The editors at The Pudding, a digital publication that explains ideas debated in culture with visual essays, noticed this problem and set out to explore how the limited visual cues we have access to online make it harder to decipher genuine laughter from the passive acknowledgment that something is “funny.”

The result is a three-part visual essay full of funky data visualizations which, as The Pudding describes it, take “a closer look at the usage, evolution, and perception of the digital laugh” to help us decode the intricacies of tech-based communication.

The first installment looks at our “laughter vocabulary” and ranks different sorts of responses, from “bahaha” to “heh” to “rofl” in order of usage. Unsurprisingly, “LOL” accounts for a whopping 55.8% of the world’s laugh language, and “ded” is the least used, at 0.2%.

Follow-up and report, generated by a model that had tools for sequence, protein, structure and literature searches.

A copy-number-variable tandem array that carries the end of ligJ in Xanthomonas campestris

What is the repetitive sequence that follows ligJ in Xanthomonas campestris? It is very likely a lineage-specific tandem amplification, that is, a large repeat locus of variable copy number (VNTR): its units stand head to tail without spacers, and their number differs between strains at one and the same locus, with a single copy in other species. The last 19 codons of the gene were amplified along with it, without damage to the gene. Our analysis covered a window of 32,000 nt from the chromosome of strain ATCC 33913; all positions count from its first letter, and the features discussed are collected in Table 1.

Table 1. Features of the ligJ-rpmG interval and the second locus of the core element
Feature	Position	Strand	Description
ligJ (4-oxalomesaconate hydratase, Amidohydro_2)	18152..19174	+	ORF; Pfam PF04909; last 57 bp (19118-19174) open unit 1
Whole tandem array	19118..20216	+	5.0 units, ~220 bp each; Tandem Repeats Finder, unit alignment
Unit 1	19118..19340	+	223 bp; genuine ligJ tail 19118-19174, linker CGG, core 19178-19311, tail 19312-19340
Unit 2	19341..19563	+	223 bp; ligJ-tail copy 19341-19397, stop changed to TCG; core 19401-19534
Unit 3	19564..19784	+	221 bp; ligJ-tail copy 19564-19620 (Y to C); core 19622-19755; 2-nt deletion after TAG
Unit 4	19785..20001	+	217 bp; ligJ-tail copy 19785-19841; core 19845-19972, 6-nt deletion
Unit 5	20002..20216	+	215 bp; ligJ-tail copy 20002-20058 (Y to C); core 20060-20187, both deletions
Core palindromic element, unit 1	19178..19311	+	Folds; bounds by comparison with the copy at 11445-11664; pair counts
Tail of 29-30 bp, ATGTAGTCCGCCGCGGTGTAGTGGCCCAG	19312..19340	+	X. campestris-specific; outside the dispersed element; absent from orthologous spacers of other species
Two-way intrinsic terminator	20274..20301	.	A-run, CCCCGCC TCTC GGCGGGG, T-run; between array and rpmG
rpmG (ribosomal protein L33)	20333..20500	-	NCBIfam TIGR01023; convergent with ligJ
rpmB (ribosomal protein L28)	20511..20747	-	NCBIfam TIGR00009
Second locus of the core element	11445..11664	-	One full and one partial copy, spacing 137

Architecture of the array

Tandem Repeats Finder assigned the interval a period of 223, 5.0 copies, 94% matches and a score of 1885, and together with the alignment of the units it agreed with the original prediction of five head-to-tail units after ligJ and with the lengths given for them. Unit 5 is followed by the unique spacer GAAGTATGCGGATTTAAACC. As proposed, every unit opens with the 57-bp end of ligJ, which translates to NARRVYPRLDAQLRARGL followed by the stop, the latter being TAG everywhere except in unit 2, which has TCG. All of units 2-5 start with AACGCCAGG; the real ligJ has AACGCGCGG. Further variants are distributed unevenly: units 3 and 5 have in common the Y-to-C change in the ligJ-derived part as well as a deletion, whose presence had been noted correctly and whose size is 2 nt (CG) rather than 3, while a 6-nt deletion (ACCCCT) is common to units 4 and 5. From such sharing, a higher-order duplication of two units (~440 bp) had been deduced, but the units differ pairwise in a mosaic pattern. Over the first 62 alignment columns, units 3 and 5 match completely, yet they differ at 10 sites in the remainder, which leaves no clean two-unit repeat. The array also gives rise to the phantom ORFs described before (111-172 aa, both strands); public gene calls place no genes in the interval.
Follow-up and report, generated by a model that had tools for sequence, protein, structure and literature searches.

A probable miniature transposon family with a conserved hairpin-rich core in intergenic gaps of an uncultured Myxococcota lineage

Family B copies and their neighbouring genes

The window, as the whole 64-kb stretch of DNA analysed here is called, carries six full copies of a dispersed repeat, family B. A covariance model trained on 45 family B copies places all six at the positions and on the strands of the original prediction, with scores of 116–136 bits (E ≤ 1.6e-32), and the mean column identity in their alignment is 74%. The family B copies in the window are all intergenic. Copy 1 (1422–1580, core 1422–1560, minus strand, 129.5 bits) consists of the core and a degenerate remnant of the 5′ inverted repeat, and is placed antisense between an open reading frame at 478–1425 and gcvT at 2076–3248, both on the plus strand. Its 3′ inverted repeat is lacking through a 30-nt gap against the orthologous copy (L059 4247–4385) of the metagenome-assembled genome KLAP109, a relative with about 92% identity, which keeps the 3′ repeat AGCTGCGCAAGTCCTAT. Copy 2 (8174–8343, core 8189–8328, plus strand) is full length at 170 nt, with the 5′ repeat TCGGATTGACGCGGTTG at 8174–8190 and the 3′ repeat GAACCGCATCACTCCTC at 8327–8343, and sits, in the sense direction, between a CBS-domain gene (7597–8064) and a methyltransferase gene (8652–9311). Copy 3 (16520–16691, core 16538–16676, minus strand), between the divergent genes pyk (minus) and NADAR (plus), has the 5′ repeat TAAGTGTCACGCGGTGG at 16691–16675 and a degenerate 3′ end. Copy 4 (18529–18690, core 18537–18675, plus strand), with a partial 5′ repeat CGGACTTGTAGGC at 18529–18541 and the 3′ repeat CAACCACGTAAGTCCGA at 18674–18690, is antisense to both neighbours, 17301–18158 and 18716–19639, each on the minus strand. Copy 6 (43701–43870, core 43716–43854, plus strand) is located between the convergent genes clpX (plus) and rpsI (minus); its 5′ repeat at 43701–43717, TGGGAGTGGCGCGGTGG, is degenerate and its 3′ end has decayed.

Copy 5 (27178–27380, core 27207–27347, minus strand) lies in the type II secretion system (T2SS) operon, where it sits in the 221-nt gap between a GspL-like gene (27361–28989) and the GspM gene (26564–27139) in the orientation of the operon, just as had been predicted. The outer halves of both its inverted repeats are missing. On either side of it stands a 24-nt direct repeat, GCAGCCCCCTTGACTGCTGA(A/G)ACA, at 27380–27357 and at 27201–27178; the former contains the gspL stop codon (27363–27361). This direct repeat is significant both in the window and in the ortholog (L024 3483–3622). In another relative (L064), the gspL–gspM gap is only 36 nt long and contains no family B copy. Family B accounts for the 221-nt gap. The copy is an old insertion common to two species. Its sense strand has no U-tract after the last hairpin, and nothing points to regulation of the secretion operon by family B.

The team’s second go at data collection tracks the evolution of everyone’s favorite shorthand, “LOL.” Over the past decade, it has only risen in popularity, in part because of its myriad applications. It can connote nervousness, be an attempt to soften the blow of a harsh text, or actually mean someone is laughing out loud (albeit rarely). “Lol’s transformation is less like a shift and more like an evolution,” the team at The Pudding notes.

Most recently, The Pudding has explored degrees of funny. The website offers users the opportunity to match each laugh style with the level of laughter that it represents to them. (After all, intention, and reception, are different for everyone!) So, when you type “rofl,” does that actually mean you’re rolling on the floor with laughter, unable to speak? Does using “lulz” indicate a passive chuckle? You be the judge.

Netflix Experimenting with new viewing formats

When streaming services introduced the ‘Skip Intro’ button, it was a wonderful way to streamline binging, but seemingly, recently they asked – “Why stop there?”